image Synopsis from the publisher:

In 1903, five truly brilliant young inventors, the children of the world’s most important scientists, went about their lives and their work as they always had.

But all that changed the day the men in black arrived.

From all across the world, they’ve been taken to mysterious Sole Manner Farm, and a beautiful but isolated schoolhouse in Dayton, Ohio, without a word from their parents as to why. Not even the wonderful schoolteacher they find there, Miss Brett, can explain it. She can give them love and care, but she can t give them answers.

Things only get stranger from there.

So far, I’ve read the first chapter of The Atomic Weight of Secrets, or The Arrival of the Mysterious Men in Black, by Eden Unger Bowditch (ARC courtesy of NetGalley and Bancroft Press); it hasn’t quite caught my imagination yet, making me want to speed through to the end, but the story is still intriguing enough for me to stick with it and see where the story will take me. And it really is quite an interesting premise, isn’t it?

The Mystery of the Dead Romance Writer: Naked Once More, by Elizabeth Peters

image Synopsis from the publisher:

She may be a best-selling author, but ex-librarian Jacqueline Kirby’s views on the publishing biz aren’t fit to print. In fact, she’s thinking of trading celebrity for serenity and a house far away from fiendish editors and demented fans, when her agent whispers the only words that could ever make her stay: Naked in the Ice.

Seven years ago, this blockbuster skyrocketed Kathleen Darcy to instant fame. Now, the author’s heirs are looking for a writer to pen the sequel. It’s an opportunity no novelist in her right mind would pass up, and there’s no doubting Jacqueline’s sanity…until she starts digging through the missing woman’s papers — and her past. Until she gets mixed up with Kathleen’s enigmatic lover. Until a series of nasty accidents convince her much too late that someone wants to bring Jacqueline’s story — and her life — to a premature end.

Of course, no period of heavy deadlines is bearable without a few good audiobooks on hand, for those moments before bed when I don’t want to look at another proof or the computer monitor, and I just want to relax before sleep.

So I’m rereading Elizabeth Peters’ Naked Once More in audio (Blackstone Audio, narrated by Grace Conlin); it’s been wonderful meeting up with Jacqueline Kirby again (my favorite Peters series character).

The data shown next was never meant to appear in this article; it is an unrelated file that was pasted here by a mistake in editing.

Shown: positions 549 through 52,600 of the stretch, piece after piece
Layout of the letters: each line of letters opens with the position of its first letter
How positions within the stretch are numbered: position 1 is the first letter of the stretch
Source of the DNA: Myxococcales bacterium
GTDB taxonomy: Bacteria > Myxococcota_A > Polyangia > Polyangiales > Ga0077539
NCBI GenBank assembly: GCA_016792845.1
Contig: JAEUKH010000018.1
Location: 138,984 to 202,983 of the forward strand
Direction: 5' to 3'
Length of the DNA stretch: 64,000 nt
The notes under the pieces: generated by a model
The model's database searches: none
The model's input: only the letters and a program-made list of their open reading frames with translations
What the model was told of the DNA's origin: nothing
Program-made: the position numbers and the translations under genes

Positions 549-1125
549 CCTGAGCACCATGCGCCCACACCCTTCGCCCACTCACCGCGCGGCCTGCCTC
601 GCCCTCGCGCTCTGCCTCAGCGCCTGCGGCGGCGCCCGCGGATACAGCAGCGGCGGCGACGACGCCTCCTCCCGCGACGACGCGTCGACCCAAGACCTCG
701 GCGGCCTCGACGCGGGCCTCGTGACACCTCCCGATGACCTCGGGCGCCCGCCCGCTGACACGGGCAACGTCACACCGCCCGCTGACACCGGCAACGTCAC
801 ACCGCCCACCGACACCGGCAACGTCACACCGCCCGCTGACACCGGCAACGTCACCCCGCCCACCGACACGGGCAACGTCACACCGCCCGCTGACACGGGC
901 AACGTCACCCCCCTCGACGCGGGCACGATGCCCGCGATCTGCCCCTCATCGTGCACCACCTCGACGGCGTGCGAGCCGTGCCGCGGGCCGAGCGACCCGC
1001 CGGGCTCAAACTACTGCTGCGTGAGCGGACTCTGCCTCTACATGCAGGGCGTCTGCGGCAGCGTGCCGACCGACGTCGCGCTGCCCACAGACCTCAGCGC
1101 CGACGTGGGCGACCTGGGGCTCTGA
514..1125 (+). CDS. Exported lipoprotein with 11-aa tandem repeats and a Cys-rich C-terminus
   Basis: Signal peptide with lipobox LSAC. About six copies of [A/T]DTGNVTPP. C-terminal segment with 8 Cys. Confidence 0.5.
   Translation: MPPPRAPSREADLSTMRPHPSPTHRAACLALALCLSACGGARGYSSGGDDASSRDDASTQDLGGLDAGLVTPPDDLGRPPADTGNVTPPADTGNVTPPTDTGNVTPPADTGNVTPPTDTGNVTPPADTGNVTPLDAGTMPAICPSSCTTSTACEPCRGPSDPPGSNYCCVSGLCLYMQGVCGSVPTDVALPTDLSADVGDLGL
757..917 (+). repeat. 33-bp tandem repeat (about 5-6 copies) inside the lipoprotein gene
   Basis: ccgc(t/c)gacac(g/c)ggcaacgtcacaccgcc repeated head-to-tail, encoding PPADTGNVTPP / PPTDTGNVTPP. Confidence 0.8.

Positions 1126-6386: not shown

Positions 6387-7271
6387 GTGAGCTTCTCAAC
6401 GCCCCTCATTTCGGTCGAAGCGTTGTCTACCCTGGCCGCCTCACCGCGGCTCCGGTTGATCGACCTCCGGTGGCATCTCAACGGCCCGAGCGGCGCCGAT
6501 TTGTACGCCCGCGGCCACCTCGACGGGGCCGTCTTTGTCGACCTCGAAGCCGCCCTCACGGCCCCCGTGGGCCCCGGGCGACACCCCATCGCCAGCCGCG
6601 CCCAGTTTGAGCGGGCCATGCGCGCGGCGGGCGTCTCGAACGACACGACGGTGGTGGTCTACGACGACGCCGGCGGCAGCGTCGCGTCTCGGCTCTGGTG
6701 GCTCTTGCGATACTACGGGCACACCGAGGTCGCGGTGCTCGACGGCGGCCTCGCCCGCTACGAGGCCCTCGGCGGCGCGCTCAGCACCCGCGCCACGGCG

As always, this Peters mystery is liberally spiked with a lot of humor, and Jacqueline is as quirky and headstrong and wonderful as always. And Kirby’s take on the whole romance writing biz is just so funny!

So that’s what I’ve been up to reading-wise lately. What are your current reads?

Review: A Date You Can’t Refuse, by Harley Jane Kozak

A Date You Can't Refuse

In A Date You Can’t Refuse, by Harley Jane Kozak, greeting-card artist Wollie Shelley is made an offer she can’t refuse: the FBI wants her to be a cooperative witness and infiltrate the offices of MediaRex, as MediaRex’s newest “social coach”. In return, the FBI will ensure that Wollie’s brother, who suffers from schizophrenia, will continue to have a place at the federally-subsidized halfway house where he’s currently living. Everything’s going as well as can be expected for Wollie, until a coyote-chewed corpse turns up.

When I finished reading A Date You Can’t Refuse with a happy sigh, I was actually a little surprised that I enjoyed this book so much.

You see, a lot of things happen to Wollie from the moment she steps foot in the offices of MediaRex, a media-training company that teaches foreign celebrities how to handle living famously in America.

In novels where there’s a lot going on all the time, I tend to start feeling stressed and exhausted. Often, I get the feeling that the frenetic pace is forced, as if the author is worried that if there’s not enough “stuff” happening, readers will get bored and close the book. But it’s when things get too chaotic that I’m more likely to put the book down, never to return, or skim quickly past all the frenzy (and usually without really missing much when it comes to plot advancement).

Not so with A Date You Can’t Refuse. Wollie finds herself up to her eyeballs in stuff, but none of it ever feels forced. Yes, the pace is fast, but it all fits the story in such a natural way. And it was all really interesting, with lots of funny moments. Rather than feeling exhausted by all the action, I found I didn’t want to put the book down.

And here’s the main thing: I really liked Wollie Shelley. She’s smart, but vulnerable, too. And she doesn’t do anything dumb and out of character just to move the plot along (one of my pet peeves). She’s funny and endearing, the kind of woman you can see yourself becoming best friends with.

I also enjoyed Kozak’s secondary characters, and even found myself liking most of the suspects – Kozak has a knack for creating likeable and distinctive minor characters. The only characters I had problems with were Wollie’s two best friends, Joey and Fredreeq. Joey’s a sexy actor and Fredreeq’s a sexy soccer mom, and I kept getting the two of them mixed up. I liked them both, but they sometimes felt like they were the same person.

The plot has a lot of fun twists and turns and I didn’t figure out who-done-it before Wollie did. There are also some interesting side plots, such as Wollie’s wobbly relationship with her boyfriend, an FBI agent working undercover on another case.

All in all, I found A Date You Can’t Refuse to be a fun, fast and absorbing read with an endearing protagonist, a great cast of secondary characters and an interesting mystery. And because I stepped into this series with the most recent title, I’ve got a lot more to look forward to: not only Wollie’s next adventure but also the three previous titles in the series.

Where to buy A Date You Can’t Refuse:

U.S. (Amazon.com) | Indiebound | Canada (Chapters) | UK (Amazon.co.uk)

Review copy details: published by Broadway Books, 2009, trade paperback, 338 pages